I’m now officially moved. My new address is:
At some point, I’ll set the “auto-redirect” feature on here at this address, but I’ll wait a bit to do that. See you there.
…please stand by.
I’m packing up and moving. I’m actually already there, but setting up the new blog has proven to be a bit of a pain. Things will be quiet here for a bit while I’m setting up the new spot. As soon as it is done, I’ll post the new URL here, and I’ll likely set up a redirection system to take people automatically there.
I’ve been making by way through Benjamin Schwartz’ The World of Thought in Ancient China (1985). I’m currently moving through the chapter on Mencius and Xunzi, and found an interesting little section that deals (albeit quickly) with the issue of choice-theoretic models of selfhood, which was the subject of my post below this one on Fingarette and Confucius. Schwartz agrees with Sam (see comments in post below this one) that Mencius differs from Confucius on the centrality of choice. See below the fold.
Peony at her blog asks a very good question: just how similar would Confucius be to Kierkegaard? More pointedly – is Confucius just an ancient version of Judge William from Either/Or, imploring the reader to get off his or her butt and finally make a choice or a leap into the authentic life of being socially embedded within roles? I find this to be a fascinating question and I’d like to think a bit more about it here. I’ll do it by situating the question within the context of Herbert Fingarette’s writing. Fingarette, I believe, upon hearing this question would take his shoe off and slam the table with it like Khrushchev while repeatedly yelling “NO! NO! NO!” Let’s walk this through below the fold and see how it shakes out.
I’m in the middle of getting my syllabus organized for my Chinese Philosophy course. I’m trying something new this time. Typically, I just have students read each book from cover to cover, and we try as a class to undergo the messy business of constructing the text’s meaning as we move from chapter to chapter (messy but fun!). This time I’m going to try a thematic approach, just to see how it works. So, in the Analects, perhaps one day we’ll read a collection of aphorisms on ren, and another day we’ll do the same for xiao (and so on for other key concepts).
Now, I have a firm grasp of what passages link up with what themes within the Confucian authors, but I’m less skilled at this for Taoism. So I need the help of the Taoists lurkers. See below:
It is unavoidable that philosophy professors look out into a class and catch those students who sit there with their best impression of the gum-chomping “WTF is all of this s&*(t for, anyway?” pose. Well, sometimes they actually say it verbally too, or text it under the table to the student on the other side of the room. I always think of those students when studies come out that suggest that philosophy, as a job, actually rocks. Here’s the latest, from the Wall Street Journal, which ranks philosophy as the #12th best job in existence.
Word to your mother.
Happily, quite a few threads have emerged in the local blogosphere as a result of the “reading group” Peony and I started on Bell’s East Meets West. Below the fold I have listed them all, starting with the most recent. Show the love!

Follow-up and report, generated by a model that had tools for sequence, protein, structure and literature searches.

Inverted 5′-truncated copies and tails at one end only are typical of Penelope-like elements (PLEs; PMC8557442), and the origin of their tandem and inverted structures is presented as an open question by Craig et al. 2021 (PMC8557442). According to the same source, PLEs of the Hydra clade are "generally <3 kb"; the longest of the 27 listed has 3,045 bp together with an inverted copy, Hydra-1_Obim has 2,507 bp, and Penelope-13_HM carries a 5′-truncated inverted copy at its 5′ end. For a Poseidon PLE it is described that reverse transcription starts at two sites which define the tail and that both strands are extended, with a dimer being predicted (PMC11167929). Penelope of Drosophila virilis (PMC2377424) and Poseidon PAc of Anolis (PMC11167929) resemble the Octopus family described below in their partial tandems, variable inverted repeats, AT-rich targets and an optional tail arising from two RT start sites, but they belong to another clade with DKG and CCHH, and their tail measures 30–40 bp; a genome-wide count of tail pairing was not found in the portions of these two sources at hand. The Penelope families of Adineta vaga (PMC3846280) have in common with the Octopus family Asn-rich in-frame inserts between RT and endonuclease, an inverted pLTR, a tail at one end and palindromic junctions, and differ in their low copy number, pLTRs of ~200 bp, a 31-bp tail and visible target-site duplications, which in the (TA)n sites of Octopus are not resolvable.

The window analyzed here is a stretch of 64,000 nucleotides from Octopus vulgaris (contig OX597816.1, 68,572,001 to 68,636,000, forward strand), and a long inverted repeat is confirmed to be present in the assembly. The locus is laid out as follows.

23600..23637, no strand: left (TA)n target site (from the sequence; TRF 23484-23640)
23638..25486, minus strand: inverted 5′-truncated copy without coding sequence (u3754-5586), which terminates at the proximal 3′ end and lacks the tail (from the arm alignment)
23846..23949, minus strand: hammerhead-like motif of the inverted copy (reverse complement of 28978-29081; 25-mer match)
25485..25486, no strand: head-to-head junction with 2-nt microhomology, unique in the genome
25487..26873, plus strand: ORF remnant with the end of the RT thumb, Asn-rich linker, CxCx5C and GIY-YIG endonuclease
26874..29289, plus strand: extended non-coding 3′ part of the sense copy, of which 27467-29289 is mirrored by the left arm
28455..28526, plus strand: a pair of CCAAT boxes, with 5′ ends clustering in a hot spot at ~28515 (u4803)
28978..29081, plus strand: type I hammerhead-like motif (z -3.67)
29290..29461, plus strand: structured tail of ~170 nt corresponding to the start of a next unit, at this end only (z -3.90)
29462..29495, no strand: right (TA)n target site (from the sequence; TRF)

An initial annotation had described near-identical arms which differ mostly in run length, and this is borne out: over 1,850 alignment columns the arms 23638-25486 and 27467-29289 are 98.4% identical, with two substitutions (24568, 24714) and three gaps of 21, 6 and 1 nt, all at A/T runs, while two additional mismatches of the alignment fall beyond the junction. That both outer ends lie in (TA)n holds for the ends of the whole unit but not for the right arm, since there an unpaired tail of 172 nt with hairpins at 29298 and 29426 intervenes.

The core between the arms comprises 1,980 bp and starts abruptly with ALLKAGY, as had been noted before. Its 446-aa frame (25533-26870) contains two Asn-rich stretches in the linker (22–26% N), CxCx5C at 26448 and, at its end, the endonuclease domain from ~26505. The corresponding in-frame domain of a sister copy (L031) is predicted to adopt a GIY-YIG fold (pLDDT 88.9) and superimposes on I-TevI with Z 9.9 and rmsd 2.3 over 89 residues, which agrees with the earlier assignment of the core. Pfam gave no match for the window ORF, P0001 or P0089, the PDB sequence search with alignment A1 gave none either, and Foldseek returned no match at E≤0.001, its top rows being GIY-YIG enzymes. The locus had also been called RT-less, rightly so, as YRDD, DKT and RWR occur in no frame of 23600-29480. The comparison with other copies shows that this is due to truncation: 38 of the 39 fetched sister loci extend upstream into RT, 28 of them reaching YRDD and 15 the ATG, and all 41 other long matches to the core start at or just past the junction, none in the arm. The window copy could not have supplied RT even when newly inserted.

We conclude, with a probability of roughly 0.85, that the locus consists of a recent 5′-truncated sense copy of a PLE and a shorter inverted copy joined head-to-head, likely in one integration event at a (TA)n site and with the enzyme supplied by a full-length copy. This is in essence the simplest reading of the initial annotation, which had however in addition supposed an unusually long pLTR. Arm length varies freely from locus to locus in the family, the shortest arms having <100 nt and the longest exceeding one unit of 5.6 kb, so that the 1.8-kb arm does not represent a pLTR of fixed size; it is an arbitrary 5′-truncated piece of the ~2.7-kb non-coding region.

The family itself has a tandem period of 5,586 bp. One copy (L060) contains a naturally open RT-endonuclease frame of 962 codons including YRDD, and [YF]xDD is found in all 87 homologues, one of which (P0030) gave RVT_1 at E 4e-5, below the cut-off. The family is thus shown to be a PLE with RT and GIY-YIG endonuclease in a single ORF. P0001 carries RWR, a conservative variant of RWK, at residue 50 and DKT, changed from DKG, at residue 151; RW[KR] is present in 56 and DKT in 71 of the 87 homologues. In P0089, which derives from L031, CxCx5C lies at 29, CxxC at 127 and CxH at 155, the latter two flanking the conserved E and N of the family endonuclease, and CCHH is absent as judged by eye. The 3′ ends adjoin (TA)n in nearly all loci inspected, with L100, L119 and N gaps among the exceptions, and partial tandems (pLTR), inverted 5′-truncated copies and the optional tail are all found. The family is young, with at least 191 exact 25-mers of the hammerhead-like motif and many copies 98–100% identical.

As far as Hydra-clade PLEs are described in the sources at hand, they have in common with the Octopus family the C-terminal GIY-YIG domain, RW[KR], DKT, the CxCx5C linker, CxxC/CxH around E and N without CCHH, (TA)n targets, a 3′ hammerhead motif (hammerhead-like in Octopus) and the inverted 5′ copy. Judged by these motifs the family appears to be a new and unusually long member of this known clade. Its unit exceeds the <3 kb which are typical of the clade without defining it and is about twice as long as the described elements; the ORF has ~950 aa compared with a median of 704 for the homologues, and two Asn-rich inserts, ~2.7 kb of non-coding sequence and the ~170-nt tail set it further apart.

I’m working my way though the Mozi (I’m doing some course preparation on it). Of the people I know who have read it, many of them complain about its style, but I rather like it. Sure, it lacks the poetical flair of the Analects, but Mozi was a different kind of guy, representing a different set of interests. In any case, I’m going to try to make note here of aspects of the work that stick out to me for one reason or other. One of the first things to jump out at me is in Chapter 16, on “Impartial Caring.” This is a central plank in Mohist ethics, but I’m having a tough time getting my head around some of the fundamentals here (at least those below the immediate surface).
I’ve been reading Mozi this week (prepping a course I’ll be teaching), and when I started taking notes to the section “Rejection of Destiny” Mozi’s discussion of how to justify or confirm the truth of a belief (or practice) made me think of Daniel Bell’s way of talking about justifying the normative standards within cultures (how many people have reminded me of Bell lately?). I’ll explain below.
I’ve been a bad boy. I jumped ahead and read the last chapter of Bell’s book, where he lays out his own recipe for “Chinese Democracy.” I don’t feel qualified to suggest whether his proposal would work in the contemporary Chinese context, but the idea itself is an interesting one. I am at least certain of one thing: it would have just about every good, down-home, corn-fed anti-intellectualist American (the majority of them) running screaming for the exits.
Racism truly makes me sick. There are few things that get me more upset than it. With that in mind, this whole “Barack the Magic Negro” debacle has my stomach twisted. Not so much that the song exists — this is to be expected, given the number of racists in the country — but rather due to the refusal off the RNC chair candidate (who distributed it) to reject it. It says to me that he’s made a political calculation and determined that a certain degree of racism is simply seen as a badge of honor among Republicans. As a result, it’s not politically wise to disavow one’s racism. After all, them uppity Negros (and their uppity Negro lovin’ liberal friends) just need to take personal responsibility for their comical level of defensiveness, right? It’s not the RNC’s fault they can’t take a joke. Yglesias has a good post on this, worth the read.